Wednesday, October 11, 2017

Nevermore: Eleanor Oliphant, Lost City, Shadow Man, Lost City of the Monkey God, Inferno

To start, Nevermore dived into Eleanor Oliphant is Completely Fine, a debut novel by Gail Honeyman.  Eleanor Oliphant is not your average heroine.  Serious, socially awkward, and painfully odd, Eleanor tries to avoid any kind of social interaction or hiccup that might disturb her carefully orchestrated life.  That is, until she meets Raymond, the IT guy from her office, and subsequently saves Sammy, an elderly gentleman who took a spill on the sidewalk.  Now, Eleanor has to wonder if her isolated life has been worth it—and if opening her heart to someone else might be a risk worth taking.  Our reader called Eleanor Oliphant is Completely Fine an intensely emotional and incredibly moving novel.  “[I found it] so beautiful how her friendships help her survive” the worst parts of her life, she said.  She highly recommended Honeyman’s debut, saying it was well worth reading.

Next, Nevermore checked out The Lost City of the Monkey God by Douglas Preston.  In 2012, Doug Preston joined a team of scientists on a quest to rediscover this incredible, lost city.  Called the “White City” by the conquistadors and legendary among indigenous people, the Lost City of the Monkey God held an undiscovered trove of treasures and history.  Using LIDAR to help them chart a course, Preston and the rest of the team set off into the Honduran rain forest.  They were astonished by the discoveries they made and the dangers they faced—and brought home.  Our reader loved The Lost City of the Monkey God.  She said it offered an astonishing depth of knowledge on the history of the region, as well as detailed some of the more extreme dangers the scientific team faced.  It was truthful of the hardships and it shed light on the various plights, pitfalls, and problems with which archaeologists deal.

In Shadow Man, Detective Ben Wade has returned to Rancho Santa Elena in search of a quieter life.  Filled with peaceful streets, quaint communities, and excellent schools, Rancho Santa Elena is the perfect place for Ben to take a break and rebuild his crumbling marriage—until a daring serial killer arrives on the scene.  Now, Ben and forensic specialist Natasha Betencourt must stay one step ahead of a killer, before he chooses his next victim.  Thrilling and thought provoking, Shadow Man is a fascinating detective story on how personal secrets can quickly wreak havoc and destroy lives.  Our reader gave high praise for Alan Drew’s novel, saying he enjoyed it immensely; however, he also noted he’s ready for a change of pace:  “[I’ve come] to realize…I’ve read too many mystery books in a row.”  He’s ready for his next book to be of a scientific variety.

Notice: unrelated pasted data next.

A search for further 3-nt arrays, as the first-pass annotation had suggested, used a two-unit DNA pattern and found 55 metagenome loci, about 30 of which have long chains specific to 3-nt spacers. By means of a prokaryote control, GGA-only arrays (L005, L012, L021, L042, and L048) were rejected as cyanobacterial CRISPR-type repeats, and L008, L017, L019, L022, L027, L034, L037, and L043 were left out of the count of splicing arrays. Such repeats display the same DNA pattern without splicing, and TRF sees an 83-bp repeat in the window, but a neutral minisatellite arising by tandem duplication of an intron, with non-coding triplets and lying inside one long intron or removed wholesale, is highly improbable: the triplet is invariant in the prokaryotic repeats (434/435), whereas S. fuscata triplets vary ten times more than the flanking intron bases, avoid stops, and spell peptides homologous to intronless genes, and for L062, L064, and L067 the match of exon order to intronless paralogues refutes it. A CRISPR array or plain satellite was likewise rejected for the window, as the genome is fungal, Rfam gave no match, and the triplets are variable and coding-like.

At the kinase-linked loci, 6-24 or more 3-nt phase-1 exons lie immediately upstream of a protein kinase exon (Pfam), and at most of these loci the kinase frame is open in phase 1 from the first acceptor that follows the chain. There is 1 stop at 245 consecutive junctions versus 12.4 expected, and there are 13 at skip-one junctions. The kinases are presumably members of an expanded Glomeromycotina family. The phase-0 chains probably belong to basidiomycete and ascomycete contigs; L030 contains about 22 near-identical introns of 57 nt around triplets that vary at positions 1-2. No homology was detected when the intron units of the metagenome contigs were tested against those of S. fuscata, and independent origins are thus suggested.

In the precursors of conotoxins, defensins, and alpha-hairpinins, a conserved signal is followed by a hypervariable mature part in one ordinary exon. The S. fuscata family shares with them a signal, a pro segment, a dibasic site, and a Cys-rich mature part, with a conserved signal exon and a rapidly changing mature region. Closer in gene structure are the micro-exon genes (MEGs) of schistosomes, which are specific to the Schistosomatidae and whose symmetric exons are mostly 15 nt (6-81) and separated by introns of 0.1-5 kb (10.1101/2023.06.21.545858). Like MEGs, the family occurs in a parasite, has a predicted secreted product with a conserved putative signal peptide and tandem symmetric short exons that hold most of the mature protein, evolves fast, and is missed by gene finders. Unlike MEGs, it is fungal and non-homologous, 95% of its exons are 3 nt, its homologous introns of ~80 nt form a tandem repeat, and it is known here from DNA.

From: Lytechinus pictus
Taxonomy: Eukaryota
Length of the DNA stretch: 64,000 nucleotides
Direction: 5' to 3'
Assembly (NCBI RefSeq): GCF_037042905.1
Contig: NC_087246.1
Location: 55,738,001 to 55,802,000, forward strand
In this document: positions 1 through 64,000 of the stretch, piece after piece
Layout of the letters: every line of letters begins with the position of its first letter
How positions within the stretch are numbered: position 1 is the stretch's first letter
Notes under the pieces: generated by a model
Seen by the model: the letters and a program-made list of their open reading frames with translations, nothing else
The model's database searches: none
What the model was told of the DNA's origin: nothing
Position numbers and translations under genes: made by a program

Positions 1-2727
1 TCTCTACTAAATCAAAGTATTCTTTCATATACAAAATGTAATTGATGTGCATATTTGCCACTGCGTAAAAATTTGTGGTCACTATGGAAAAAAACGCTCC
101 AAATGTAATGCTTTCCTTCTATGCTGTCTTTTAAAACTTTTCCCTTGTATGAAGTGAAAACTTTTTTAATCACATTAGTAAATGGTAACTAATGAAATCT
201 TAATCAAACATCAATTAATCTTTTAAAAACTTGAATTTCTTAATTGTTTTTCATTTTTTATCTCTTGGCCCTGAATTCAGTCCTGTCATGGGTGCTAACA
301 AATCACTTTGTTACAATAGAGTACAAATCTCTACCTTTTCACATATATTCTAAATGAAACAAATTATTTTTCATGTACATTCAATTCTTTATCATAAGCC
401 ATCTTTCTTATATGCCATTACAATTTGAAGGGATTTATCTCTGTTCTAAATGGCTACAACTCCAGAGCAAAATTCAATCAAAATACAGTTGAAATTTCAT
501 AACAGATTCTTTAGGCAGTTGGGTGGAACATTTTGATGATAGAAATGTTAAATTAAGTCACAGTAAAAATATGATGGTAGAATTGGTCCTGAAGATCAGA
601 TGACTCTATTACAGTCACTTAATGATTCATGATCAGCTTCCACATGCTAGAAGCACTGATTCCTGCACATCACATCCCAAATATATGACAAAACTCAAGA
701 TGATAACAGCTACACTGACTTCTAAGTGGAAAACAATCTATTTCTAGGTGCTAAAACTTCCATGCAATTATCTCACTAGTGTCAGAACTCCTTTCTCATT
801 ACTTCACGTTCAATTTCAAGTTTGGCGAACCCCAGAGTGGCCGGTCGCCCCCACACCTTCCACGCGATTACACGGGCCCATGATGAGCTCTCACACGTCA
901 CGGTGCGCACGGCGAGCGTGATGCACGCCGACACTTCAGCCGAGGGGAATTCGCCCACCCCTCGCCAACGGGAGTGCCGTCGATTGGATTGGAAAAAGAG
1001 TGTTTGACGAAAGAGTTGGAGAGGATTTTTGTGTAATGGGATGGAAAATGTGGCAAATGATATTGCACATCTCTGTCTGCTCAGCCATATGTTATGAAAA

Nevermore jumped back in time with Jane Austen’s classic, Persuasion.  Published in 1818, Persuasion tells the story of Anne Elliot.  When she was only nineteen, Anne fell in love with Captain Wentworth; however, with neither fortune nor title to his name, she was forced to break her engagement with him and warned never to see him again.  Seven years later, Anne reconnects with beloved captain—now, a wealthy and accomplished Navy man—and she begins to wonder if second chances really do happen, or if she’s pinning too many hopes on a fond memory.  Our reader admitted she enjoyed reading Persuasion more than she expected.  She thought it was a sweet, romantic story that offered an unexpectedly astute view on class, wealth, and privilege.  It was a nice change of pace for our reader, even if she wondered how women could possibly be content with being entertained and wooed all the time.  “It seems [very] boring,” she noted.

Last, Nevermore jumped into Inferno:  A Doctor’s Ebola Story by Dr. Steven Hatch.  Hatch, an infectious disease specialist, fired worked in Liberia during 2013 at a hospital in Monrovia.  Within six months, several physicians were dead and Ebola was quickly growing into an international crisis.  Hatch also helped create the Ebola Treatment Unit with the International Medical Corps, trying to stop the spread of this horrific disease—and temper the xenophobic politics that stemmed from this crisis.  Inferno is an uncompromising look at Liberia’s violent history and the virus that nearly destroyed it.  Our reader called Hatch’s book “absolutely fascinating.  [It was] very informative and very well written.”  She added that it was very interesting to see how the history of Liberia factored into the spread of the Ebola epidemic and how doctors were able to track the virus, going into such great detail as to hypothesize on the victim of the very first Ebola infection.

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